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news 20 May 12

Tomislav Nikolic Wins Serbian Presidency

In a surprising twist, Serbia's nationalist Tomislav Nikolic has won the presidential runoff against the leader of the Democrats' Boris Tadic.

Bojana Barlovac
BIRN
Belgrade

Despite all predictions of a smooth victory for Tadic, Nikolic won the presidential elections leading by two points, according to the first preliminary results of the Center for Free Elections and Democracy, CeSID, on a sample of 70 per cent.

Nikolic has thanked all the Serbian people for the victory.

"This is God's will. Serbia will keep the EU path but also protect Kosovo.”

"Serbia is a modern country, I will cooperate with everyone and no one should be angry because I won," Nikolic said.

He will no longer be the president of his party, following up on his promise made before the elections.

His victory is poised to disturb the comfortable rule of the Democrat led coalition, who counted on retaining the presidency.

Outgoing president Tadic, leader of the Democrats, has congratulated Nikolic on the election victory and said: "There was no electoral fraud in these elections. It is a pity that many voters decided not to come out."

He also said that he would not be the prime minister. The Democrats have previously agreed with the Socialists to form the new government following the May 6 general elections.

A former funeral parlour boss and construction technician from Kragujavac, Tomislav Nikolic ran for president three times during eight years of Tadic’s presidency.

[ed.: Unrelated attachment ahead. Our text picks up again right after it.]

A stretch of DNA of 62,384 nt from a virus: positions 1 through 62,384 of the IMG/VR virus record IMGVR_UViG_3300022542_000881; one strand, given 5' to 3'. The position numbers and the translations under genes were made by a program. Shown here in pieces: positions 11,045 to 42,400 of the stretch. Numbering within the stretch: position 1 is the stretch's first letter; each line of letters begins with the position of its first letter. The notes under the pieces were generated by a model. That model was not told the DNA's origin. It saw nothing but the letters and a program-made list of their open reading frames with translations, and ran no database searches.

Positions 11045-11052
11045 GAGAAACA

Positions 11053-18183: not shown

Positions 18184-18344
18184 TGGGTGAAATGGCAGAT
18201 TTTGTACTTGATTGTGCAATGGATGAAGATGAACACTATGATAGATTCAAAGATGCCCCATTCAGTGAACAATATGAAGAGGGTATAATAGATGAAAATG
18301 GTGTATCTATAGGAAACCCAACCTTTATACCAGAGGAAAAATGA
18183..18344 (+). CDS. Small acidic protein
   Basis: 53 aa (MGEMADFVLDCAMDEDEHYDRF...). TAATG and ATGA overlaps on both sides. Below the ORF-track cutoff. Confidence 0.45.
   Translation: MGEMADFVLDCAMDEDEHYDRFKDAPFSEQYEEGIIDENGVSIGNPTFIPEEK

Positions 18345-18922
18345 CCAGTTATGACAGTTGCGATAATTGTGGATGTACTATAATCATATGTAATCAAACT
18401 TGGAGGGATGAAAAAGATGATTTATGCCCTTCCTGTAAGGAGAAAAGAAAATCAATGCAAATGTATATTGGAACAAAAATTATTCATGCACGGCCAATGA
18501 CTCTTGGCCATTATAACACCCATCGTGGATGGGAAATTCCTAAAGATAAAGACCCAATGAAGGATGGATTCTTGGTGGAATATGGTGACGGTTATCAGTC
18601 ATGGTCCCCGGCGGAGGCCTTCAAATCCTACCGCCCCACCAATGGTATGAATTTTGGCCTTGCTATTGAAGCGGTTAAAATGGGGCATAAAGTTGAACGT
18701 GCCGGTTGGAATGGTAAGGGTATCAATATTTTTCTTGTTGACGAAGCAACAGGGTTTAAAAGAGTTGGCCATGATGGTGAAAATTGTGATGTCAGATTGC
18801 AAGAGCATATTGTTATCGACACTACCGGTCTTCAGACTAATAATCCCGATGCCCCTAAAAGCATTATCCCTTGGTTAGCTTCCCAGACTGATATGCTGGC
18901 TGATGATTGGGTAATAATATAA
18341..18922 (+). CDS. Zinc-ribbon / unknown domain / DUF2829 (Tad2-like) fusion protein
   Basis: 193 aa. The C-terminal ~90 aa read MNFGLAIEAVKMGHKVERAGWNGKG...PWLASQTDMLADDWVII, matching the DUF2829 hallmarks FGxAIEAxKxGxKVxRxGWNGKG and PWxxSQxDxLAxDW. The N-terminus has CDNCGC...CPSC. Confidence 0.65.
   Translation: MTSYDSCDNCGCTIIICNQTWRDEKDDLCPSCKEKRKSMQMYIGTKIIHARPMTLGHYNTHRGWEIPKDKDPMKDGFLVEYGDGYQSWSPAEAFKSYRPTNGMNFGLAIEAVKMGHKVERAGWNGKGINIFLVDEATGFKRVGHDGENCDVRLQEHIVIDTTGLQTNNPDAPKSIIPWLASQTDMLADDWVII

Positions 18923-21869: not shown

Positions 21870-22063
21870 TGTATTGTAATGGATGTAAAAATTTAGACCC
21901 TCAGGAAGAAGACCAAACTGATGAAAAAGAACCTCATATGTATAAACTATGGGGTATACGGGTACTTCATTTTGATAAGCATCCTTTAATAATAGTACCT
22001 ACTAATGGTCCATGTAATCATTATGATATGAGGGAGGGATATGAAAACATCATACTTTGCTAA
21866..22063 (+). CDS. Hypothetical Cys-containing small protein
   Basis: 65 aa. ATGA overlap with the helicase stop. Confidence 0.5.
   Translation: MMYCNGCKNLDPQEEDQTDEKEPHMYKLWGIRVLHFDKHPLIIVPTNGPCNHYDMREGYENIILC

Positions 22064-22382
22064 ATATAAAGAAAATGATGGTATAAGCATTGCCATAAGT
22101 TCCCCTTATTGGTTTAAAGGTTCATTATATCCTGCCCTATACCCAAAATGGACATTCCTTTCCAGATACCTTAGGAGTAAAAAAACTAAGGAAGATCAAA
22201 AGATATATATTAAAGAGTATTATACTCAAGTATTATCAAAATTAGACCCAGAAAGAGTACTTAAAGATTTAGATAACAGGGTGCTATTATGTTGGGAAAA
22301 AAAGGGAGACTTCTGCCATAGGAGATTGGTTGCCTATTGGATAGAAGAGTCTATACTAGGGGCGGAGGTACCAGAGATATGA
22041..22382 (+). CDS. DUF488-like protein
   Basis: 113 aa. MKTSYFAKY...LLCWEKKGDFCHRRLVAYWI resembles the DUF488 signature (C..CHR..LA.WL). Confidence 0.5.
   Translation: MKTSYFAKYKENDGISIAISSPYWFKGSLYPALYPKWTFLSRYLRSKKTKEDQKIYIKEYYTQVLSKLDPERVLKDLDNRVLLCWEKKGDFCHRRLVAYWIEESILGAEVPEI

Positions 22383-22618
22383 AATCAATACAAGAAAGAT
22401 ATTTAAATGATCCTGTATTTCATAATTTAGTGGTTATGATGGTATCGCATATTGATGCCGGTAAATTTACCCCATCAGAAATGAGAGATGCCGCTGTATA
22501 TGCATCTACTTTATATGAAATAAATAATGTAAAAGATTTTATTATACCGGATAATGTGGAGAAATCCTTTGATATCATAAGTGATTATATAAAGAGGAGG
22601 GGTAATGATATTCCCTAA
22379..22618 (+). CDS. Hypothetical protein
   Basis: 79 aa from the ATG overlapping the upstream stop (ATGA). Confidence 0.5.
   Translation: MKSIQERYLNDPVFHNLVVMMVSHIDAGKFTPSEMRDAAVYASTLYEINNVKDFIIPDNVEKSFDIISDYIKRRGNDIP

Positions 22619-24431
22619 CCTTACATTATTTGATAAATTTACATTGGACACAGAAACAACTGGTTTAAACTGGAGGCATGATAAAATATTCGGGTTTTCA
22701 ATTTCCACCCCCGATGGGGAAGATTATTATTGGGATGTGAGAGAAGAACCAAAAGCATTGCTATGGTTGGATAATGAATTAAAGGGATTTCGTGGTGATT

Nikolic, now 60, entered politics as the right-hand man of the hard line nationalist Vojislav Seselj with whom he founded the Serbian Radical Party in 1991.

In the 1990s, Nikolic was Seselj's front man in the Serbian parliament but he fully took over the reins after 2003 when Seselj departed to The Hague to answer war crimes charges.

Nikolic, whose former job granted him the nickname “the Undertaker,” will be remembered for having first pledged grand new borders for a Greater Serbia - only to jettison the idea after he founded his new party last autumn.

In the past, he said he felt no sorrow for at least some of the victims of the regime of Slobodan Milosevic, when his own Radicals were on the ascendant.

But today his Progressives fight a different battle, mainly presenting themselves as modern patriotic warriors for social justice. They have also changed their tune about the EU and are now vocally supporting Serbia’s EU integration and seeking meetings with EU leaders in Brussels.

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Election Background

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Serbian Elections 2012: What's at stake

This spring almost 7 million Serbians are entitled to vote in presidential, general, provincial and local elections. 

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Two Decades of Election Tumult in Serbia

Since the renewal of multi-party politics in 1990 power has oscillated between a variety of parties in Serbia and votes have often followed by allegations of frauds and protests. 

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Key Parties in Serbia

Twelve years after the overthrow of Slobodan Milosevic, the scene has changed significantly as parties rise, fall and change their minds. See Balkan Insight's profiles of Serbia's ruling and opposition parties.

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Serbian Presidential Elections Since 1990

Since the first multi-party elections were held in 1990, Serbia has often had acting heads of state, while many of those elected ended their terms before their mandates expired.

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